Students will be able to write and solve addition equations.

Celebrate Cinco de Mayo in style with this fun lesson that includes a simple student story book and game.

10 minutes

For this part of the lesson, you will need Celebrating Cinco de Mayo Book. Run the book and double staple on the side. If you cut the book in half, you will have two copies.

Prior to reading the book, my students watched a video on Cinco de Mayo. It is available through United Streaming if your district has a subscription. It is called Holiday Facts and Fun: Celebrating Cinco de Mayo. You could watch any other informative video on Cinco de Mayo or read a nonfiction text on it as well. After we watch the movie, I gather the students around my chair and I read for them my copy of the student book that I have colored in. We discuss each page of the book and whether it was something we saw in the movie.

After we are done reading, the students set the book aside. They will be given time to color in it later after they complete the activity in the next section of the lesson.

15 minutes

For this part of the lesson, you will need Pinata Adding included as a PDF with this lesson. You will also need one set of 6 sided dice for each pair of students.

I pass the game sheet out to the students and tell them, *We are going to get some more practice making addition sentences. You will be partnered up. You and your partner will take turns rolling the dice. You will add the dice together. Look for that number on your game sheet. Color that number in and then write the number sentence that the dice show. For example, if I roll a one and a two, I will color in the number 3 pinata. I will write the number sentence underneath. 1 + 2 = 3. It will then be my partner's turn. If you need counters to help you add, they are available. *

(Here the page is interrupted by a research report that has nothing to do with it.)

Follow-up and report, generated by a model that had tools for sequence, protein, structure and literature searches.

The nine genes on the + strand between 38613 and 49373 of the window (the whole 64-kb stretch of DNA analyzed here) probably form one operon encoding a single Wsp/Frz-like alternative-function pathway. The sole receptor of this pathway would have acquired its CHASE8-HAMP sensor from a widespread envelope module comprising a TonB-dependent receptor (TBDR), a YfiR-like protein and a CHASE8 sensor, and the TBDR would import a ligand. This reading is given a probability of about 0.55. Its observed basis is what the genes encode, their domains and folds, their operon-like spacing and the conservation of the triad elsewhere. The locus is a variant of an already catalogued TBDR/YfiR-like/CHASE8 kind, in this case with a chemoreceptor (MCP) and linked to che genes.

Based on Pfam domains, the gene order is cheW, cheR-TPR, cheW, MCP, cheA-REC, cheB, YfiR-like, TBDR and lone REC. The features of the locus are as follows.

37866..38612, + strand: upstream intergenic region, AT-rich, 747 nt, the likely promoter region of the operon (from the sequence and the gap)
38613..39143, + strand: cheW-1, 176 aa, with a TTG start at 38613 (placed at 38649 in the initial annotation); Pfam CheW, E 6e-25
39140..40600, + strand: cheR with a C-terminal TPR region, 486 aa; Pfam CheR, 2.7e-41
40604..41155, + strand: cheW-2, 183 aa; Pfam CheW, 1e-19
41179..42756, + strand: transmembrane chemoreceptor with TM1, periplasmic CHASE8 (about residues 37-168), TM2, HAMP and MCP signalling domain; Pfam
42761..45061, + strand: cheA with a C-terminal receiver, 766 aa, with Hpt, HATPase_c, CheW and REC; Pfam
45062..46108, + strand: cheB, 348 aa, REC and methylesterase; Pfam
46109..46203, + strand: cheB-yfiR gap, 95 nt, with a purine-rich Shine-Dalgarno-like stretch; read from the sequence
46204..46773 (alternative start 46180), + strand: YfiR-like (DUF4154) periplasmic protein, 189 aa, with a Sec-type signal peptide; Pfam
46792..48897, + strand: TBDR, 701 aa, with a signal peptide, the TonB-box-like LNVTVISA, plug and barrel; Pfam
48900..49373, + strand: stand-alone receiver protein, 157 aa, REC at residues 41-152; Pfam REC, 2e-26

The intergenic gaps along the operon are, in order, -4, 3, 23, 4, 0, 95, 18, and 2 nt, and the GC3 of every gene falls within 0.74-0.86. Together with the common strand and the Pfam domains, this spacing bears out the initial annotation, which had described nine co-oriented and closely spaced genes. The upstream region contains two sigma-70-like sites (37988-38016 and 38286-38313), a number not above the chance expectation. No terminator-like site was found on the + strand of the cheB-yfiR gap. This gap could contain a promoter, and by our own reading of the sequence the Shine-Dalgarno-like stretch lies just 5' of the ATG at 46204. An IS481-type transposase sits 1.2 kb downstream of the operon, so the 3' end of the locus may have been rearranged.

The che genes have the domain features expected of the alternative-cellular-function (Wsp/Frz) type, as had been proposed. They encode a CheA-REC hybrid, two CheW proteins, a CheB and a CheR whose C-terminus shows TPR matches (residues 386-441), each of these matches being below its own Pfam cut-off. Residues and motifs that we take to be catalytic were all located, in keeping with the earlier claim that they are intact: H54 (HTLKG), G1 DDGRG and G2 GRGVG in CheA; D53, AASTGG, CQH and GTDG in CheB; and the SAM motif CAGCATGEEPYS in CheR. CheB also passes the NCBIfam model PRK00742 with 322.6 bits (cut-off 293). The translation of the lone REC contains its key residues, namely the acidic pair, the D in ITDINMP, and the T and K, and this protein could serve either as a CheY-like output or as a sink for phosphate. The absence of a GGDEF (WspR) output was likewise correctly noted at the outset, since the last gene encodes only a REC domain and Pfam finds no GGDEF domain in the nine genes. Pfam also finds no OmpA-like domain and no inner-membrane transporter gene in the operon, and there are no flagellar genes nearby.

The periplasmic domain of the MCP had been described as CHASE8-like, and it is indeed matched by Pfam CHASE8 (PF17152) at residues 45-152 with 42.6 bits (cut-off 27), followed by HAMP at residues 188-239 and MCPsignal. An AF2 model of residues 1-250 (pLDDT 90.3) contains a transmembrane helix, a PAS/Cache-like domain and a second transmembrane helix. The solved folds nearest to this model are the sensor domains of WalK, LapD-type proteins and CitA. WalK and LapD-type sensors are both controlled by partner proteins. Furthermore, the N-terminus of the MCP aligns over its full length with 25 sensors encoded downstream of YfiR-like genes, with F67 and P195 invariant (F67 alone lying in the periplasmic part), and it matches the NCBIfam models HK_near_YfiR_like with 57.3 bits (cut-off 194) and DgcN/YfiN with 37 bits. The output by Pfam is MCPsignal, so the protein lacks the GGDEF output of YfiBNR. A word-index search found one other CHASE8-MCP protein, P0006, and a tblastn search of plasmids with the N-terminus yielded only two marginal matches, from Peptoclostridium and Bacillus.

*If I roll the dice and they add up to a number I have already rolled, I can use the ANY # spaces in the middle. Once that is full, I will need to say, "Pass". The first person to color in all the pinatas is the winner. If we don't have time to finish, the person who has colored the most pinatas will be the winner.*

I circulate around the room as the children are working. See Cinco de Mayo Math. It is fun to observe the students working with the dice and how quickly some of them can add. When they are all done, I check their work and I have them read a few of their equations aloud for me.